Posted by: degarcia | April 2, 2009

Big Idea: Proportionality



Big Idea #11:  If two quantities vary proportionally, that relationship can be represented as a linear function.


Examples of Mathematical Understandings:

• A ratio is a multiplicative comparison of quantities.

• Ratios give the relative sizes of the quantities being compared, not necessarily the actual sizes.

• Ratios can be expressed as units by finding an equivalent ratio where the second term is one.

• A proportion is a relationship between relationships.

• If two quantities vary proportionally, the ratio of corresponding terms is constant.

• If two quantities vary proportionally, the constant ratio can be expressed in lowest terms (a composite unit) or as a unit amount; the constant ratio is the slope of the related linear function.

• There are several techniques for solving proportions (e.g., finding the unit amount, cross products).

• When you graph the terms of equal ratios as ordered pairs (first term, second term) and connect the points, the graph is a straight line.

• If two quantities vary proportionally, the quantities are either directly related (as one increases the other increases) or inversely related (as one increases the other decreases).

• Scale drawings involve similar figures, and corresponding parts of similar figures are proportional.

• In any circle, the ratio of the circumference to the diameter is always the same and is represented by the number pi.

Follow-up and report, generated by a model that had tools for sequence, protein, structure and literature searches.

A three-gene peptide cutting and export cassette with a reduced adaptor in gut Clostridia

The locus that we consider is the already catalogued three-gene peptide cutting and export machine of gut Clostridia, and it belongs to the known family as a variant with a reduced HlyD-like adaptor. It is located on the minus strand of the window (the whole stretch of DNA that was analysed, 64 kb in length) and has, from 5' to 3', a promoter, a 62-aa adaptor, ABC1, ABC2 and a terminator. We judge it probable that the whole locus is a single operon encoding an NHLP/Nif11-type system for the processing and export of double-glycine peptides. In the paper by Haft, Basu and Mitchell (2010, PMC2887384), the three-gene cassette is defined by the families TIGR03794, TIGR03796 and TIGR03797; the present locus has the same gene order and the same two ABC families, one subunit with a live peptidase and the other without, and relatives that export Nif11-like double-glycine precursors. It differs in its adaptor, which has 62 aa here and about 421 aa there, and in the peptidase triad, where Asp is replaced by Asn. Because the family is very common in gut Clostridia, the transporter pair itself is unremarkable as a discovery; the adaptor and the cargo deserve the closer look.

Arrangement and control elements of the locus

• Rates can be related using proportions as can percents and probabilities (Randall, 2005).


A proportion is a name we give to a statement that two ratios are equal.  It can be written in two ways:

·         two equal fractions, a/b = c/d


·         using a colon,    a:b = c:d

When two ratios are equal, then the cross products of the ratios are equal.

That is, for the proportion, a:b = c:d ,  a x d = b x c  

Retrieved from


Proportional thinking is developed through activities involving comparing and determining the equivalence ratios and solving proportions in a variety of problem-based contexts and situations without recourse to rules or formulas (Van de Walle, 2004).


Practical Applications:

Cooking is one way that ratios and proportionality can be applied to a real-life situation.  As one ingredient is increased or decreased in a recipe the other ingredients must also be increased or decreased proportionally.  Another practical activity is to enlarge or reduce images or photos on the computer.  If they are not altered proportionally the image will become distorted.  Graph paper or dot paper can be used to draw similar shapes or images in proportion to each other.  Maps drawn to scale can be used to show ratios and how the distance on a map correlates to the actual distance.  Students can recreate a map to a different scale  

(Bahr, D. L., and de Garcia, L. A.  2010).



Informational Web Sites:


Lesson Plan Web Sites:


More Practice and Games:



Bahr, D. L., and de Garcia, L. A.  2010. Elementary mathematics is anything but elementary: content and methods from a developmental perspective. Belmont, CA: Wadsworth.

Randall, Charles I. 2005. Big Ideas and Understandings as the Foundation for Elementary and Middle School Mathematics. NCSM Journal (Spring/Summer 2005). Retrieved on April 18, 2009 from

 Van de Walle, J. A. 2004. Elementary and middle school mathematics: Teaching developmentally, 5th e. Boston: Pearson.



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